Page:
Startup SnipSnap offers an app, with the same name, that lets iOS and Android users download or scan a coupon and then redeem it. The app ties into the SonicNotify backend. "IBeacon can do location-based monitoring without turning on [the battery-draining] GPS," says Ted Mann, founder and CEO. "And it can do fine-grained, accurate locating. We can now do location-based reminders indoors and that's something we couldn't do before."
Brilliant simplicity, daunting complexity
The pairing of the stand-alone beacon and the iPhone's BLE radio-plus-software-framework is a brilliantly simple stroke by Apple. It makes accessible millions of iOS users, while still giving them control over whether to participate in iBeacon deployments. But for retailers, while the network connection with these millions of users is simple, almost nothing else is.
"This is not a stick it on the wall and it works' scenario," says Sam Ganga, executive vice president, commercial division, DMI, a Bethesda, Md., company that specializes in managed services for enterprise mobility, coupled with analytics that can sift and assess a mass of mobile data. "You have to survey the store or venue, install potentially a lot of beacons, create a mobile app, capture the right information, integrate with backend systems, and have the analytics to understand the data you capture. It's not a small investment."
As a result, many retailers are actually proceeding cautiously, according to Ganga. Surprisingly, their initial interest is not in deluging users with offers. "What in-store location data really means is understanding customer behavior," he says. "When my customers enter the store, how many turn left and how many turn right? Will that affect what I put in my endcaps [the end-of-aisle displays and promotions]? The idea is monetizing this insight into behavior, and then showing customers how they can benefit from this data."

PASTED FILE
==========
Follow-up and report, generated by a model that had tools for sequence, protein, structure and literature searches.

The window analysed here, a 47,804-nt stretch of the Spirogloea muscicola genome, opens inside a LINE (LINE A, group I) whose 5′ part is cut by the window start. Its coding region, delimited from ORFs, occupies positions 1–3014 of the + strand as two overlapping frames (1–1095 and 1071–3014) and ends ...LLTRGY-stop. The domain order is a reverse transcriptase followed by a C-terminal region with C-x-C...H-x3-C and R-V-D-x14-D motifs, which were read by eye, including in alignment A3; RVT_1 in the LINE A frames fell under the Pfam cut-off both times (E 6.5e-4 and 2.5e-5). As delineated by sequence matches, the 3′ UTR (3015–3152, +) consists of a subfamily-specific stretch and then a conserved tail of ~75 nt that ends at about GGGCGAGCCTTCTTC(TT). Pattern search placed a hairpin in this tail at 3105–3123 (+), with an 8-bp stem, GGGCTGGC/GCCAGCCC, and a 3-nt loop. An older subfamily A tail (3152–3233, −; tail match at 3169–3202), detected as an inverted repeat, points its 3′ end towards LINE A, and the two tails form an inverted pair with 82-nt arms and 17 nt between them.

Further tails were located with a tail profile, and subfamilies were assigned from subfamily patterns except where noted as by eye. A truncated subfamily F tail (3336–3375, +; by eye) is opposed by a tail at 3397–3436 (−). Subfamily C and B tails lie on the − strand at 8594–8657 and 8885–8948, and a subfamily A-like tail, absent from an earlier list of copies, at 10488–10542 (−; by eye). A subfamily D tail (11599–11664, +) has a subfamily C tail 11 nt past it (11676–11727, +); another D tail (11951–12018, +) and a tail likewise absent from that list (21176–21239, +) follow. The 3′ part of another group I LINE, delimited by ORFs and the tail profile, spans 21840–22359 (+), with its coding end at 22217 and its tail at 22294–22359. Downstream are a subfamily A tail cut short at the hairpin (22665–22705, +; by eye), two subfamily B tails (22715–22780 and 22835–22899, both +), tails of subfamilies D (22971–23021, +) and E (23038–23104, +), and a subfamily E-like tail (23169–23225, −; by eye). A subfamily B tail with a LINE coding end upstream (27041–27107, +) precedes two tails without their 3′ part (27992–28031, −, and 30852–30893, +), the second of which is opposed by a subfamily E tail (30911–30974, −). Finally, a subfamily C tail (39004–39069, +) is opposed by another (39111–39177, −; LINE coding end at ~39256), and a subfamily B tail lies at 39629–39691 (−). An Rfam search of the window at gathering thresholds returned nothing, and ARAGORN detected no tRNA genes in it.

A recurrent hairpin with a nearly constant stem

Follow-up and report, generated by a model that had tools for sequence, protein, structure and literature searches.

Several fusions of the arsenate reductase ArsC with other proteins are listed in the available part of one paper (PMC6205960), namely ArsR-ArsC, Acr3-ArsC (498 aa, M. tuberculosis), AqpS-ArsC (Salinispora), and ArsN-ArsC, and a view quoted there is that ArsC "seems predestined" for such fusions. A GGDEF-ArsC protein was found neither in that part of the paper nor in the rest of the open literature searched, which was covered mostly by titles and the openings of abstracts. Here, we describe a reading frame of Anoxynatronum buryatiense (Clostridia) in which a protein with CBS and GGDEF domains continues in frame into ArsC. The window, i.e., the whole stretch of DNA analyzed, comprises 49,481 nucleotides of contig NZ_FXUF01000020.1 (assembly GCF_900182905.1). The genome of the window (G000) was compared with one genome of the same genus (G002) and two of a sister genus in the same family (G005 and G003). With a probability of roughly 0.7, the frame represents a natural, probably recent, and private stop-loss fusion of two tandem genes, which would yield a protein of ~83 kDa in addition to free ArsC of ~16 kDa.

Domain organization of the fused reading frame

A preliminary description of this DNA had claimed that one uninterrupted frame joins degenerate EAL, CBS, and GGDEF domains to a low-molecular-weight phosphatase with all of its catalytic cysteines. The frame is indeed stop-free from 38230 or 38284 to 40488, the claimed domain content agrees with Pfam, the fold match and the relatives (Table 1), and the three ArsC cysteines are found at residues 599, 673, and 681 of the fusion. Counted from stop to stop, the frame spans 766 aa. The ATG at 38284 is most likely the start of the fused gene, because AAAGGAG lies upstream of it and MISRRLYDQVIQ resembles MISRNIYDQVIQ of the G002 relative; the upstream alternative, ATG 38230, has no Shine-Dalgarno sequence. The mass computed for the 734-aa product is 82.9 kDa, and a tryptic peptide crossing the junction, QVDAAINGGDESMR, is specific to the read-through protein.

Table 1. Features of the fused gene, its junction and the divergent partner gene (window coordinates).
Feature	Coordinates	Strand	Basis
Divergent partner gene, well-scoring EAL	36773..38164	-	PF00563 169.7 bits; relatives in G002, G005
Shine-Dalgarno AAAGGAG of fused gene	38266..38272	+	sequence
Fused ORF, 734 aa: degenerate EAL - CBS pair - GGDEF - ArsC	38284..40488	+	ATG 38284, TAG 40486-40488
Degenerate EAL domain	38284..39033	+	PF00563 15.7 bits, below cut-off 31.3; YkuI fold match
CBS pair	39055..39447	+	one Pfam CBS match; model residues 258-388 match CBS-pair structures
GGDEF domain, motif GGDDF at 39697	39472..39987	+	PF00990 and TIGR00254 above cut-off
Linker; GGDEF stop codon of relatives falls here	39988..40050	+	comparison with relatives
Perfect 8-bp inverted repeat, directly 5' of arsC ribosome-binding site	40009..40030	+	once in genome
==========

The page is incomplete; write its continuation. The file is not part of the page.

It's an idea that is drawing intense interest. Estimote, founded less than two years ago, targets its beacons and software development tools, and programming services, to integrators and enterprises experimenting with beacons. It released its beacon software development kit in September 2013: 10,000 developers have downloaded it, according to Mark Modzelewski, an investment adviser to the company, founded in Poland, with U.S. offices in Walnut, Calif. Experimenters include big box and boutique retailers, marketing and advertising companies, museums, and medical centers.
iBeacon and mobile payments
Many now believe that iBeacon will be a key part of an Apple strategy for mobile transactions. "We feel strongly iBeacon will be part of a mobile payments plan," says Walter Chen, CEO of PassbeeMedia, a startup that offers online software tools that let developers create, distribute, and manage "passes," which is Apple's term for an array of digital documents coupons, loyalty cards, receipts, boarding passes and the like.
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